Black 1,087 (15.7) 787 (11.9) -0.109 1,002 (14.5) 928 (14.1) -0.012
Hispanic 900 (13.0) 819 (12.4) -0.017 908 (13.1) 854 (12.9) -0.005
Others 320 (4.6) 420 (6.4) 0.077 353 (5.1) 344 (5.2) 0.005
CCI score 0.187 0.872
0 3,358 (48.4) 3,266 (49.5) 0.020 3,377 (48.7) 3,183 (48.2) -0.010
1 2,191 (31.6) 1,991 (30.1) -0.031 2,153 (31.1) 2,059 (31.2) 0.003
≥2 1,383 (20.0) 1,346 (20.4) 0.011 1,402 (20.2) 1,361 (20.6) 0.009
Insurance status < 0.001 0.900
Medicare 3,282 (47.4) 2,336 (35.4) -0.245 2,905 (41.9) 2,775 (42.0) 0.002
Medicaid 149 (2.1) 87 (1.3) -0.064 136 (1.9) 116 (1.8) -0.015
Private 3,163 (45.6) 3,880 (58.8) 0.265 3,552 (51.3) 3,379 (51.2) -0.001
Others 338 (4.9) 300 (4.5) -0.016 339 (4.9) 333 (5.0) 0.007
Household income < 0.001 0.994
Poorest 1,737 (25.1) 1,296 (19.6) -0.131 1,560 (22.5) 1,490 (22.6) 0.001
Poor 2,189 (31.6) 1,992 (30.2) -0.031 2,125 (30.7) 2,038 (30.9) 0.005
Wealth 1,957 (28.2) 2,053 (31.1) 0.063 2,065 (29.8) 1,961 (29.7) -0.002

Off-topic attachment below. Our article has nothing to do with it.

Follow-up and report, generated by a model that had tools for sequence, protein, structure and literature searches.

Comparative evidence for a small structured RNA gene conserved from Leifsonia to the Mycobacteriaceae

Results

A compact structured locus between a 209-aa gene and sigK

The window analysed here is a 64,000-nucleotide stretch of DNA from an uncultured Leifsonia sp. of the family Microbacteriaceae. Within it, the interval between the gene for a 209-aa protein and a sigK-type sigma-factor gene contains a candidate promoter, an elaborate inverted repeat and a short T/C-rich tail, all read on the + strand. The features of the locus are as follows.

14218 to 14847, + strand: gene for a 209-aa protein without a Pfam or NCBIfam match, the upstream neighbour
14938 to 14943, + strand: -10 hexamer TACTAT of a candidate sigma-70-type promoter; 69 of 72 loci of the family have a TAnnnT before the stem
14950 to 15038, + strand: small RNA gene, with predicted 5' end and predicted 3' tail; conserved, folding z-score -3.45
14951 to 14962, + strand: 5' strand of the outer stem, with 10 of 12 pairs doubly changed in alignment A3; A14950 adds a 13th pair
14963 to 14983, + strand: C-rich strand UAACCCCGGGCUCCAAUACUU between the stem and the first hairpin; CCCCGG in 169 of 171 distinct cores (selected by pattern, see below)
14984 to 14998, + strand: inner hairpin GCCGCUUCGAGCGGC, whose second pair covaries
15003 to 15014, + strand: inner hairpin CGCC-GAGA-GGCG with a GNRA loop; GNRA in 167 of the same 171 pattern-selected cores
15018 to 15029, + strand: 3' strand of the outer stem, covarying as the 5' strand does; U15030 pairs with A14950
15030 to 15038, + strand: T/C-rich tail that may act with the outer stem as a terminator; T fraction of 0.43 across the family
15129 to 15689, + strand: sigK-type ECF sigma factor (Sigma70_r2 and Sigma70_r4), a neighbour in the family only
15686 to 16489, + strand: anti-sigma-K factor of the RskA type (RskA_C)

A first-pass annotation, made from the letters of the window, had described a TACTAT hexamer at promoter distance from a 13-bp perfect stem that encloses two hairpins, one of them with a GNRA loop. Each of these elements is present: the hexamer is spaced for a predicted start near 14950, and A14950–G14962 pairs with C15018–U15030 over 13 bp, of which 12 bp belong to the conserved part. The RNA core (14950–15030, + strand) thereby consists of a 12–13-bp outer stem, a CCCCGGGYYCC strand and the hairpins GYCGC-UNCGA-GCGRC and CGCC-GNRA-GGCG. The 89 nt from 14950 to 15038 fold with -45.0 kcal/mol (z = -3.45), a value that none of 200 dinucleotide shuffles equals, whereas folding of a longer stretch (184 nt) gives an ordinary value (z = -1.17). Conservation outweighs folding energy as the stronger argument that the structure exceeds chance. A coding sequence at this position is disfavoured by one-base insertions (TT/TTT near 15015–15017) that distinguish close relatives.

Wealthiest 1,049 (15.1) 1,262 (19.1) 0.106 1,182 (17.0) 1,114 (16.8) -0.005
Hospital location 0.212 0.935
Urban 6,467 (93.3) 6,124 (92.7) -0.021 6,479 (93.5) 6,169 (93.4) -0.002
Rural 465 (6.7) 479 (7.3) 453 (6.5) 434 (6.6)
Annual hospital volume < 0.001 0.002
< 75% 5,593 (80.7) 3,542 (53.6) -0.601 4,946 (71.4) 4,510 (68.3) -0.067
≥ 75% 1,339 (19.3) 3,061 (46.4) 1,986 (28.6) 2,093 (31.7)

Values are presented as number (%).

CCI, Charlson Comorbidity Index.

Table 2.
Crude frequency rate of anti-incontinence procedure by age group
Age group (yr) No procedure Any procedure Sling Bulking agent AUS
Overall (n = 13,535) 13,089 (96.7) 446 (3.3) 247 (1.8) 115 (0.8) 84 (0.6)
< 55 (n = 2,132) 2,082 (97.7) 50 (2.3) 34 (1.6) 9 (0.4) 7 (0.3)